The high energy demand and cost of raw materials are the main cost components of current production, and Carbonova says its process solves both. With aspects similar to conventional catalytic processes that perform a continuous flow mode with a high rate of conversion, Carbonova’s process doesn’t have the complications and limitations of other processes such as plasma, laser, and electrochemical.
The Carbonova team regularly simulates the iteration process between design and experimentation. “If we didn’t have simulation, we would have had to experiment everything and that is extremely expensive,” says Zarabian. By simulating different designs, they can refine the designs without having to experiment first. “We use Ansys regularly to design the reactors, assess fluid mechanics, blend materials into composites, and more.” Overall production cost is one of the leading barriers of getting this technology to the larger public.
“Reducing the price of carbon nanofibers enables larger groups of people to have access to advanced technology,” says Zarabian, “which goes back to the origin of engineering: enhancing the quality of life for people and society, whether that be through better cars, sports equipment, clothing, or some other application.”
Zarabian and Pereira cofounded Carbonova in late 2018 after she completed her doctoral degree. With a team of 10 full-time-equivalent employees, founders and executives contribute some of their success to the diversity among the group.
“Our first prototype consisted of hundreds of parts and pieces all had to be assembled according to the P&ID (process and instrumentation diagrams) and go through a detailed HAZOP (hazard and operability study). I was feeling great that I was trained in a highly diverse and inclusive engineering environment,” says Zarabian.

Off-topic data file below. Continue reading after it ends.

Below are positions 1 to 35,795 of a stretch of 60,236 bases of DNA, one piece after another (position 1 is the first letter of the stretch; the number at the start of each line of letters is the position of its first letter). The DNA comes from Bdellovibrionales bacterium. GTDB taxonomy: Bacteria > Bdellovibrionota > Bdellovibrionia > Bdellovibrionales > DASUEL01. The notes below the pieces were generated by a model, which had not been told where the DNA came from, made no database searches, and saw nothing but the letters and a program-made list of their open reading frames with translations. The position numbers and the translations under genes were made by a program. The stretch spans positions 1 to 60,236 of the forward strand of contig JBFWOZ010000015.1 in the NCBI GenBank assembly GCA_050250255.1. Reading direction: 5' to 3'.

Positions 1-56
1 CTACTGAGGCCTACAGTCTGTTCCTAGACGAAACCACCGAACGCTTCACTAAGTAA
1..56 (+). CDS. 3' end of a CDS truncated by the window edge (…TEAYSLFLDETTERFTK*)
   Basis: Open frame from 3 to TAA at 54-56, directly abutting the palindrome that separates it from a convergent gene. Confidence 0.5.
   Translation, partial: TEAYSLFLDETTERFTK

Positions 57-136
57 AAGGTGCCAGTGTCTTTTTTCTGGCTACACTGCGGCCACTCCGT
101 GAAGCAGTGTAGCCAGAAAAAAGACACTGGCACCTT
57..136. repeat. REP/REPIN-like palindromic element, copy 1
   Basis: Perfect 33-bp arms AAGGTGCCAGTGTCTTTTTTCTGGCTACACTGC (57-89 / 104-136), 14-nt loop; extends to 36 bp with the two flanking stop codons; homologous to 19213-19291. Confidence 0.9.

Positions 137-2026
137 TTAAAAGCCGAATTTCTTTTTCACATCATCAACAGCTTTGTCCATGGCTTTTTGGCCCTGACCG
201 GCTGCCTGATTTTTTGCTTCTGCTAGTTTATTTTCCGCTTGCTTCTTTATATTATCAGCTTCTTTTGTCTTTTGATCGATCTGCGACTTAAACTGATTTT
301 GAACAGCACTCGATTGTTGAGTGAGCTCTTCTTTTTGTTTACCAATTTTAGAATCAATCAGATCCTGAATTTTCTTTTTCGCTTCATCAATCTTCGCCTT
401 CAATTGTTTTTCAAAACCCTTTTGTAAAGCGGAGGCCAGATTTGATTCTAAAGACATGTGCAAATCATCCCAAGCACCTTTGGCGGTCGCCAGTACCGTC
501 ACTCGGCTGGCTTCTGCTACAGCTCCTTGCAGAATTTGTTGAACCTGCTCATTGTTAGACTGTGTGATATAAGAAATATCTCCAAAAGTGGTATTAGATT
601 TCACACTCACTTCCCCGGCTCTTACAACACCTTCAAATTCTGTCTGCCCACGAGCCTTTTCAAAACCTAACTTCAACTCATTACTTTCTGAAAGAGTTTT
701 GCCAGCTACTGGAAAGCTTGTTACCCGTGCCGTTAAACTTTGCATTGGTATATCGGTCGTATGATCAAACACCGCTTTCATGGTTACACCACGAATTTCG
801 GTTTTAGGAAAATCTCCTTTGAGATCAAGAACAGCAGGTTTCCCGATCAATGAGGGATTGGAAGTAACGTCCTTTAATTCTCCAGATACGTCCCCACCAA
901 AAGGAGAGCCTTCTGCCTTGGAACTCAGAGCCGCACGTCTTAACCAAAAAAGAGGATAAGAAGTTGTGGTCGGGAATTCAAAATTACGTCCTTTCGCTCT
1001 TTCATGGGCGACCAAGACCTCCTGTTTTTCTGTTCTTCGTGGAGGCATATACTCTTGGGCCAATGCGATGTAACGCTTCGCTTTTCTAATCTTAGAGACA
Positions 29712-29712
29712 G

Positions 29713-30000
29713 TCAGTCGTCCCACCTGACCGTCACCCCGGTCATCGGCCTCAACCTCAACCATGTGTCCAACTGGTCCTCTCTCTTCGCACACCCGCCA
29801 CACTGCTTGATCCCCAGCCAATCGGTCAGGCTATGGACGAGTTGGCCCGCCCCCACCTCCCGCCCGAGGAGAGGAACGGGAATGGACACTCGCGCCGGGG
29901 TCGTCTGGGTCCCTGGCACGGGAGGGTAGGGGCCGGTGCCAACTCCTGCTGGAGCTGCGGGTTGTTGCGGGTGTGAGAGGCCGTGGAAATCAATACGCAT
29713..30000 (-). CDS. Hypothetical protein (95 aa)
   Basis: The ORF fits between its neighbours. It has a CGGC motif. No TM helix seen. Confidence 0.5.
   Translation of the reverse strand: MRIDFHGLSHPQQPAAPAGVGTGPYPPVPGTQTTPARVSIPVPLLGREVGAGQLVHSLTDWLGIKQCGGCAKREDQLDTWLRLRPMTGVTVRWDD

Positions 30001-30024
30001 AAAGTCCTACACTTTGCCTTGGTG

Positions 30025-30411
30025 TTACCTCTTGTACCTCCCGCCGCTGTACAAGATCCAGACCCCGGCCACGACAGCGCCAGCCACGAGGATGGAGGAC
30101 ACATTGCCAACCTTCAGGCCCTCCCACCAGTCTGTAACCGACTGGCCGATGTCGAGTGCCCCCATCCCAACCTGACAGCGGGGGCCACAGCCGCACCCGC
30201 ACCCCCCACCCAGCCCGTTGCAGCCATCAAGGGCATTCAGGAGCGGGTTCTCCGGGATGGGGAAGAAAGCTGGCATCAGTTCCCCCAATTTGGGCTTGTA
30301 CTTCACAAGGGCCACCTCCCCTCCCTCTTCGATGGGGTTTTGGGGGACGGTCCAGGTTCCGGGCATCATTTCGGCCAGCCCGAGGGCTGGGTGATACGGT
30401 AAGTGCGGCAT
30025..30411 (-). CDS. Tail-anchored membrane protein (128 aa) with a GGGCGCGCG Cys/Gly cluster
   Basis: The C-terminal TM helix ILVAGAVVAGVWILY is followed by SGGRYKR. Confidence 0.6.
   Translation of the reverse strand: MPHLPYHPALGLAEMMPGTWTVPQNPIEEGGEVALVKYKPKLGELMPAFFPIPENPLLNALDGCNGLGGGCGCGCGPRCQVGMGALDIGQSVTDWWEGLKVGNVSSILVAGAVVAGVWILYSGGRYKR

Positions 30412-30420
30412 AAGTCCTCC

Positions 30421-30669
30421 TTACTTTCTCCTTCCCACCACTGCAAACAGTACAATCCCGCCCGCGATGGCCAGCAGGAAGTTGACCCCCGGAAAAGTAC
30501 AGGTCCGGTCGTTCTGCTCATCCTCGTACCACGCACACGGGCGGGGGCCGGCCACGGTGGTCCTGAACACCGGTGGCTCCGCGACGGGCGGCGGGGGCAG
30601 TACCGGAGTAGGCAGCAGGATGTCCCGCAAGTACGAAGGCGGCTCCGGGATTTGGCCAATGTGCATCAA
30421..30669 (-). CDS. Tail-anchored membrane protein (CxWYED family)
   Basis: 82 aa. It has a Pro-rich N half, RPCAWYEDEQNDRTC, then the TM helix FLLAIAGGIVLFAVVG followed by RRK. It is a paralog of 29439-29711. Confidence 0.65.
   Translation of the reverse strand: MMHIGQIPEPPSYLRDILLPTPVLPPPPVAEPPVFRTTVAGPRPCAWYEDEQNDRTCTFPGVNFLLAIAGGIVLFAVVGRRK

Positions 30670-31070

“I think the biggest thing for women to be truly successful in engineering is having that strong support system,” says Zarabian, “whether that’s mentors, teachers, parents, school programs, or something else. We often teach our girls not to do the heavy or dangerous things. But instead, we should be safely encouraging them.”
As raised in “Invisible Women” by Caroline Criado Perez, so much data in our day-to-day life fails to take account women and considers men as the default and woman as atypical. This results in data gap and discrimination built into our system. Women pay tremendous cost for it with their money, time, and sometimes lives.
“When I first started working within the pilot process team in Pedro’s group, I was concerned with the physical demands. Everything must be totally accurate, precise — but some of the things in the lab are heavy and tall for me to reach,” says Zarabian.
Zarabian explains that, historically, most things around us were designed by men for men. Everything from height perspectives to the designs of tools, and even safety measure in our cars were designed to fit men. Sometimes this is just irritating, but it could become life threatening. “We need more woman engineers and scientists to create more scientific data, and give more delicate attention to this invisible group,” Zarabian adds.
Zarabian hopes Carbonova can find and engage more women to join the team and support women entering the engineering field.